If we go a few years back, then In 2013, the Reserve Bank Of India (RBI) issued a notice concerning the legal, financial and operational risks of cryptocurrency, as it is neither a fiat currency nor a legal tender. Again in 2017, RBI expressed concerns over the unintended result of demonetization, driving many tech-savvy customers to Cryptocurrency exchanges seeking options for cashless transactions. In 2018, RBI passed strict orders to the financial institutes that fall under its purview, and banks shall not deal with crypto-related business. But In 2020, the Indian apex court order of striking this RBI provision to ban the crypto brought a wave of positivity among the Virtual currency traders.
At present, the famous Bitcoin is at around 40 lac per Bitcoin, making the market bullish, where bulls are buying in and taking the crypto as high as possible. But what if the sentiments of the market changes? And with unexpected bad news at night, the market sees bears coming in front, accelerating the panic selling. The prices of the market will go upside down, making many investors will lose money. Over this uncertainty, and illicit use of crypto, many experts conclude ‘ban’ as the only option. They also see crypto as a safe haven for tax evaders and anonymity as a big risk factor.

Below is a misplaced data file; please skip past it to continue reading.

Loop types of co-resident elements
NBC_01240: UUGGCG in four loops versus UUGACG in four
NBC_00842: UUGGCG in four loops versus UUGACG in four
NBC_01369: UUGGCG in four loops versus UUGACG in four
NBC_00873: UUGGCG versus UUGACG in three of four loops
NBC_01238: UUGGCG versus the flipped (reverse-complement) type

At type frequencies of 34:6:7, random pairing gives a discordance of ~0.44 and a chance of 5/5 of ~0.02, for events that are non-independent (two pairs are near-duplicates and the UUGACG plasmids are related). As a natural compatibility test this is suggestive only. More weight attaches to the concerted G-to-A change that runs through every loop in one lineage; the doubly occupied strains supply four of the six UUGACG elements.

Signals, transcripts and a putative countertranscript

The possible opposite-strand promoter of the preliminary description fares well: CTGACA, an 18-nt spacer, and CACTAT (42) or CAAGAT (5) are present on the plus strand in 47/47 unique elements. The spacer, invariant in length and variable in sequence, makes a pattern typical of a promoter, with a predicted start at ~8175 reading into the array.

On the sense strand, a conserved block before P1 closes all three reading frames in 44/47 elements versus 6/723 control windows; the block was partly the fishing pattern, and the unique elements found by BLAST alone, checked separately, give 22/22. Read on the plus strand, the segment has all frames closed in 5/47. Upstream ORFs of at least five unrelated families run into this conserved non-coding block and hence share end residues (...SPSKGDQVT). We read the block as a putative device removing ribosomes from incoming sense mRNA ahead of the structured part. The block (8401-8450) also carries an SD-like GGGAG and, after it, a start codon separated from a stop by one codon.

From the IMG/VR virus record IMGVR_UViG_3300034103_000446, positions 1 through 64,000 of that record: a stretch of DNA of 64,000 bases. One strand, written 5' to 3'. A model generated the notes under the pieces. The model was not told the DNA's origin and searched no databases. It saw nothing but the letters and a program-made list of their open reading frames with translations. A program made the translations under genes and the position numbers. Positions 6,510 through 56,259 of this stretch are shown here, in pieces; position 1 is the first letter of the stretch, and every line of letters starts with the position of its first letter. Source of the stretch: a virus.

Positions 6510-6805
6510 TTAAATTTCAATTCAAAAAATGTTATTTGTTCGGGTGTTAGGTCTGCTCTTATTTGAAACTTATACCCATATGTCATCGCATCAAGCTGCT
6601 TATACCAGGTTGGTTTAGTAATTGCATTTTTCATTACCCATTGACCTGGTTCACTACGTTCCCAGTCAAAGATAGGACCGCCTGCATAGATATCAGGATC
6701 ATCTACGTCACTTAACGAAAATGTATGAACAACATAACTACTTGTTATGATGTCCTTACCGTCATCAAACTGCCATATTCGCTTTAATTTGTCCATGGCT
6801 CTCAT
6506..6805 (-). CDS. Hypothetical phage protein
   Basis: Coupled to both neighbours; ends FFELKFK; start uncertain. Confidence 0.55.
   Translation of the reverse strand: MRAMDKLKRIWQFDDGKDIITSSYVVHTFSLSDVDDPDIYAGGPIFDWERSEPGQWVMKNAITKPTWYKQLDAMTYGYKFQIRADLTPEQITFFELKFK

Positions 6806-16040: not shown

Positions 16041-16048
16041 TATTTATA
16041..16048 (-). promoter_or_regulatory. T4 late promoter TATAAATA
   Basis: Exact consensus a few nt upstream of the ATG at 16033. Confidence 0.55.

At present, the famous Bitcoin is at around 40 lac per Bitcoin, seeing a steep bullish push. It saw a 68% rise in the first two months of the year 2021. When Tesla bought Bitcoins, the prices reached $60k. Now Bitcoin is trading around $56k. Some experts see it as a correction since the prices were skyrocketed.
Does the volatility in the cryptocurrency market outweighs the benefits its technology has?
Cryptocurrency uses the decentralised public ledger. Thus, removing the role of any third-party intervention. It means, when a person needs to send money to another person, the bank facilitates such a transaction acting as a third party.
But, Blockchain provides an infrastructure of transaction involving two parties, no transaction fees and a secure medium. As per the recent reports, the Government of India is planning to ban private virtual currencies but ready to use the technology of Blockchain. It can be tantamount to a mobile phone internet connection but not the facility of e-transaction.
The ban on these virtual currencies seems a daunting task to undertake. Such bans cannot prevent Investors to trade overseas, owing to the decentralization factor. In the same fashion, the mining and maintaining of the open ledger can be done through scattered networks across the globe. Even if one country puts an end to mining, other countries can come to play.
Indian Government should also let its people grab new opportunities offered by the crypto world with no mala fide intent. They can opt for stringent regulations and learn from the developed countries like the US, UK, Switzerland, Japan, and New Zealand, and try to lay down the possible best model for regulating crypto assets.